Skip to main content

India's constitutional conundrum? State, legislative, judicial bodies' RTI rules "not in consonance" with Central rules

By Our Representative
Facts have come to light suggesting that several state governments, and other authorities, including state legislatures and high courts, are taking advantage of lack of constitutional clarity on the Right to Information (RTI) Act, 2005, in order to come up with RTI rules which “undermine” the Act’s “letter and spirit”.
Calling it a constitutional conundrum”, senior RTI activist Venkatesh Nayak, in a letter to Sanjay Kothari, secretary, Department of Personnel and Training, Government of India, has said that this is happening despite clear-cut instructions to states to “harmonize” states’ respective RTI rules with Central RTI Rules, 2012.
Pointing out that “hardly any positive action” is evident so far, Nayak said, this is happening because of “the unresolved issue of the unreasonable exercise of the power of delegated legislation under the RTI Act by delegatees and the absence of effective parliamentary/legislative oversight of the same.”
Pointing out that it is not clear in which list does the RTI Act fall – Central, State or Concurrent – Nayak said, “The Statement of Objects and Reasons attached to the RTI Bill, 2004 did not connect it to any subject in any of the Lists in the Seventh Schedule of the Constitution”, which is related with the Concurrent list.
He added, “Instead the RTI Bill stated that the proposed legislation would provide an effective framework for effectuating the right of information recognized under Article 19 9 (relating to freedom of expression) of the Constitution.”
Nayak wondered, “Does this mean that the RTI Act pertains to List III as States can also make laws to give effect to fundamental rights? There is no entry in this List within which RTI can be fitted unequivocally.”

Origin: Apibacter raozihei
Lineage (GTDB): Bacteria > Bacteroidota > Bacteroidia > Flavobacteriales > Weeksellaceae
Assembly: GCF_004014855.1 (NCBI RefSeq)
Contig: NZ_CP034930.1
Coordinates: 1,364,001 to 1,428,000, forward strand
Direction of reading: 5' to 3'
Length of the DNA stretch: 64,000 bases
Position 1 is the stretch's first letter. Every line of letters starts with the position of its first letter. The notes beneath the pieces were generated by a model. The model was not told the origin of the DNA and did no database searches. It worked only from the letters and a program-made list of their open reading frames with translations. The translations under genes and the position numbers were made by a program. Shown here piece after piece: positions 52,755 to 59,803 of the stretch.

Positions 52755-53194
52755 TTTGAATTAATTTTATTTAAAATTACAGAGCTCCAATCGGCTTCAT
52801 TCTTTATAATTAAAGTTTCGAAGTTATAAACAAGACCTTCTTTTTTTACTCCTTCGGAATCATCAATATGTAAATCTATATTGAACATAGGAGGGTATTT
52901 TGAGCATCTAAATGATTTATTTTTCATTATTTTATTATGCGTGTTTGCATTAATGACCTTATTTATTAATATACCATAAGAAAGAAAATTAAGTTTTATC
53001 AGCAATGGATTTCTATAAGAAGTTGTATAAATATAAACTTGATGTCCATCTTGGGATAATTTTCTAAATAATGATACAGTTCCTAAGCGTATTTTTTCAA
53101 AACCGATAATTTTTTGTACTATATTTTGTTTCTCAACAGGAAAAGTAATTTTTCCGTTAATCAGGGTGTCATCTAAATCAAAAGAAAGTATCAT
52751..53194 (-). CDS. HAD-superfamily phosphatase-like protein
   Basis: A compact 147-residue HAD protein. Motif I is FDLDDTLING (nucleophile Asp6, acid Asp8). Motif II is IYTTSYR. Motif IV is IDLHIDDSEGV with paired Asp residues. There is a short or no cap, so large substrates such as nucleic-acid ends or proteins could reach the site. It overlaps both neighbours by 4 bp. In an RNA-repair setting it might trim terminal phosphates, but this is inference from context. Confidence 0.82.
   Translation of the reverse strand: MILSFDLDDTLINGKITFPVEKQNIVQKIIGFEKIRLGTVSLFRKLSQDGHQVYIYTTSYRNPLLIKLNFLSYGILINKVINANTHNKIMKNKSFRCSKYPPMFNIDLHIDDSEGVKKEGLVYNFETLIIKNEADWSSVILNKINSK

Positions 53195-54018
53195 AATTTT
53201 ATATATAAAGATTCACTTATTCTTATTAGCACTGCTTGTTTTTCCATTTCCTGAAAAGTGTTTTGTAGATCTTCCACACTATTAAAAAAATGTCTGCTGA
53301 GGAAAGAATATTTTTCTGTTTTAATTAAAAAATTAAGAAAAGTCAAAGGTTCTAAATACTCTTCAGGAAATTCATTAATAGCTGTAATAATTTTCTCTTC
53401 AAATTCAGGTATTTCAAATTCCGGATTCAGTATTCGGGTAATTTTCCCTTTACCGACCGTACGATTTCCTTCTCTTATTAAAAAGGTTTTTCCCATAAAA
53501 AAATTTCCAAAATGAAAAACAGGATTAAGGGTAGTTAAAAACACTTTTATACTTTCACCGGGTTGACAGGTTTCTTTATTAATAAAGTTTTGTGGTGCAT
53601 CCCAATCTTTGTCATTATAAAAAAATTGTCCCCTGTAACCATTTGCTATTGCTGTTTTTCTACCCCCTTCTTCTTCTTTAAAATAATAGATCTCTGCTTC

“Or can it be reasoned that Parliament passed this law under its residuary powers of legislation recognized under Article 248?”, he wondered, adding, “This will put the RTI Act in the domain of exclusive jurisdiction of Parliament. So State Legislatures will not be able to modify or annul Rules notified by the respective Governments.”
Pointing towards the “urgent need to resolve this constitutional conundrum”, Nayak said, “State Legislatures must be given the power to scrutinise, amend or annul the RTI Rules notified by the State Governments”, but Parliament “must exercise scrutiny of the manner in which competent authorities … exercise their rule making powers under the RTI Act.”
Citing relevant Parliamentary rules, Nayak stated, they make it “clear that both houses of Parliament can examine the RTI Rules notified by all state legislatures and chief justices of high courts.”
He added, “This will not affect the independence of the State Legislatures or the judiciary, as the parliamentary committees on subordinate legislation will only examine whether the powers granted by Parliament to the competent authorities for implementing RTI in their jurisdiction are being exercised.”
“However”, he underlined, “Due to the absence of a specific mention in the RTI Act of the laying requirement for these Rules they have escaped mandatory scrutiny by the Parliamentary committees on subordinate legislation. There is an urgent need to remedy this problem.”
Pointing out that as the administrative department for the RTI Act, the department of personnel and training, Government of India, “has an obligation to initiate action towards bringing RTI Rules notified by State Governments under the effective scrutiny of the respective State Legislatures”, Nayak said, “Similarly your Department has an obligation to initiate action to bring the RTI Rules framed by all High Courts to the attention of the twin parliamentary committees on subordinate legislation.”

Comments

TRENDING

132 Gujarat citizens, including IIM-A faculty, others declare solidarity with Kashmiris

Counterview Desk